In September 2011, a 79-year-old woman arrived at the emergency department of San Biagio hospital with severe and diffuse abdominal pain and tenderness, more marked in the lower abdominal quadrants, with signs of peritoneal irritation. The area of hepatic dullness was present at percussion and intestinal peristalsis was diminished. The patient was apyretic and eupnoic at rest. Laboratory analyses demonstrated increased inflammatory markers (neutrophilic leukocytes, polymerase chain reaction), acute renal failure (creatinine: 5.85 mg/dL) and severe metabolic acidosis. No pathological signs were found at chest X-rays, whereas abdominal X-rays revealed gaseous overdistension of the small bowel and pneumatosis of the stomach wall (Figure 1).
Figure 1 Abdominal X-rays.
Gaseous overdistension of the small bowel. The arrow points the pneumatosis of the stomach wall.
The radiological findings were subsequently confirmed by computed tomography of the abdomen performed without iodinated contrast due to renal failure of the patient. Tomography demonstrated pneumatosis of the wall of the stomach, duodenum and small bowel. Air was also present within the superior mesenteric and portal veins with intraparenchymal distribution to ventral portions of the left liver and fourth segment (Figure 2A), because of the advanced stage of arterial infarction.
Figure 2 Computed tomography of the abdomen.
A: Pneumatosis of the wall of stomach and small bowel (arrow in the right). Intraparenchimal air in ventral portions of the left liver and fourth segment (arrow in the left); air within the branches of the mesenteric vein (arrow in the centre); B:Thrombosis of the celiacomesenteric trunk (CMT) (arrow). In the detail: common origin of celiac trunk (CT) and superior mesenteric artery (SMA) from the CMT.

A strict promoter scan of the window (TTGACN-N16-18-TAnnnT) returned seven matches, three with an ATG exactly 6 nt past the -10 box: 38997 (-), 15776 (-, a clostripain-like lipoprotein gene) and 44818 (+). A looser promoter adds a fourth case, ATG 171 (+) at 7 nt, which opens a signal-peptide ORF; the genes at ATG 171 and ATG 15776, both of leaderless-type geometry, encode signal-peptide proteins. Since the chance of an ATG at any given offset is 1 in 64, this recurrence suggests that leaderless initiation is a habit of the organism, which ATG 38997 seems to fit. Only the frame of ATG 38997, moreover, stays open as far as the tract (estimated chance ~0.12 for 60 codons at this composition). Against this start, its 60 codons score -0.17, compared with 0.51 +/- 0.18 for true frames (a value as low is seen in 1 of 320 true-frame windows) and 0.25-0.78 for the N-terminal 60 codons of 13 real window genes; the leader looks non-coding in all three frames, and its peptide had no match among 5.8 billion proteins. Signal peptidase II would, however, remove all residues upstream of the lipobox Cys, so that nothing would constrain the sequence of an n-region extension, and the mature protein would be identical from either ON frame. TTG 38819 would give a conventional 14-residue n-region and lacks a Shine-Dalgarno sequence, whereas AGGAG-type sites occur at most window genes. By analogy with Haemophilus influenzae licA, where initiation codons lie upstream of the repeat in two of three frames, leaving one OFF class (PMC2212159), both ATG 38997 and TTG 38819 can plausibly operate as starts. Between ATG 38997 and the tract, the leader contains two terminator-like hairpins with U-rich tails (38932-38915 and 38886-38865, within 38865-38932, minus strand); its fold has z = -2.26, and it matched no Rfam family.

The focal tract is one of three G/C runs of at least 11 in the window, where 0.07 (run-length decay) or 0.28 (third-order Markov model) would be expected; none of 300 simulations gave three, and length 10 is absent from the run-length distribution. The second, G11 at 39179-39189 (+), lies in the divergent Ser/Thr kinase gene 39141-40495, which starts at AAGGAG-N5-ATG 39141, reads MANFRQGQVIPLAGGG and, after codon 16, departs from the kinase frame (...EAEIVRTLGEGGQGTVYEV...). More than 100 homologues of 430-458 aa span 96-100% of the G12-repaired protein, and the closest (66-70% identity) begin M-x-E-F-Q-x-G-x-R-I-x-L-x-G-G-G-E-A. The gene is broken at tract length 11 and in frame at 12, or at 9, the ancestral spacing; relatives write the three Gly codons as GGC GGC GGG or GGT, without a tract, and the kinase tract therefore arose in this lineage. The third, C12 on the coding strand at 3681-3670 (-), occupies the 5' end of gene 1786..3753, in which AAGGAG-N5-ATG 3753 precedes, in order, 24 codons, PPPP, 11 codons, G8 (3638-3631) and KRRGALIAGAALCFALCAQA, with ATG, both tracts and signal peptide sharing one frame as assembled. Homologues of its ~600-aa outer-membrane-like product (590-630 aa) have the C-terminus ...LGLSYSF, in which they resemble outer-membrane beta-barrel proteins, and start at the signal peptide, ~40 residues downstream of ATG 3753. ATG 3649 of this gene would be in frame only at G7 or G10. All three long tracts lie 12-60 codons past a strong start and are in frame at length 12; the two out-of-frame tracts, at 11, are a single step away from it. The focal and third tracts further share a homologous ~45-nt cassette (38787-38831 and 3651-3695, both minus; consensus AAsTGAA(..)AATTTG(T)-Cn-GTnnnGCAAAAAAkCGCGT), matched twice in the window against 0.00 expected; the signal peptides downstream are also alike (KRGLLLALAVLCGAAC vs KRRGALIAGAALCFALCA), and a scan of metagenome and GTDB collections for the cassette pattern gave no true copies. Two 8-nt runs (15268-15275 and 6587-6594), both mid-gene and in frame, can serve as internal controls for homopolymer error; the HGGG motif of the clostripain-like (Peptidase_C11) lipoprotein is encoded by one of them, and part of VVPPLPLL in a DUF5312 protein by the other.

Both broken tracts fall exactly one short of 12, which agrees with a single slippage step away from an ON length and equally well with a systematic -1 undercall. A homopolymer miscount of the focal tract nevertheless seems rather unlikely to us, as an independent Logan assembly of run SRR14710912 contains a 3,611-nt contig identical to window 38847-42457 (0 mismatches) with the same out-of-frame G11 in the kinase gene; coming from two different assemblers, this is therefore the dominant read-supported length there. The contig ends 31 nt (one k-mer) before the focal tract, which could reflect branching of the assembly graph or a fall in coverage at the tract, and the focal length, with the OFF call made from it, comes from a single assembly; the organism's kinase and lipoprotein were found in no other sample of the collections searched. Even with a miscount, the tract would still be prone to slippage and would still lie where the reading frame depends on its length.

The axial scan evidenced the thrombosis of the celiacomesenteric trunk, which justified the radiological findings (Figure 2B); no further arterial vessel directed to the gastro-intestinal tract was identified by tomography.
Exploratory laparotomy showed ischemia of the liver, spleen infarction and necrosis of the stomach, duodenum, small bowel and large intestine (from the caecum to the first third of transverse colon). No further surgical procedures were performed. The patient died the following day.
The celiac trunk and superior mesenteric artery supply the majority of the blood to the gastrointestinal tract. Usually, the celiac trunk is a short artery that arises from the anterior wall of the abdominal aorta at the level of the twelfth thoracic vertebra; it divides almost immediately into three branches: left gastric, splenic and common hepatic artery.
The left gastric artery courses upwards to the left toward the cardias, where it turns downward and, following the lesser gastric curvature, descends to the right toward the pylorus. The left gastric artery forms an arcading anastomotic loop with the right gastric artery, a branch of the common hepatic artery and, less frequently, of the gastroduodenal artery.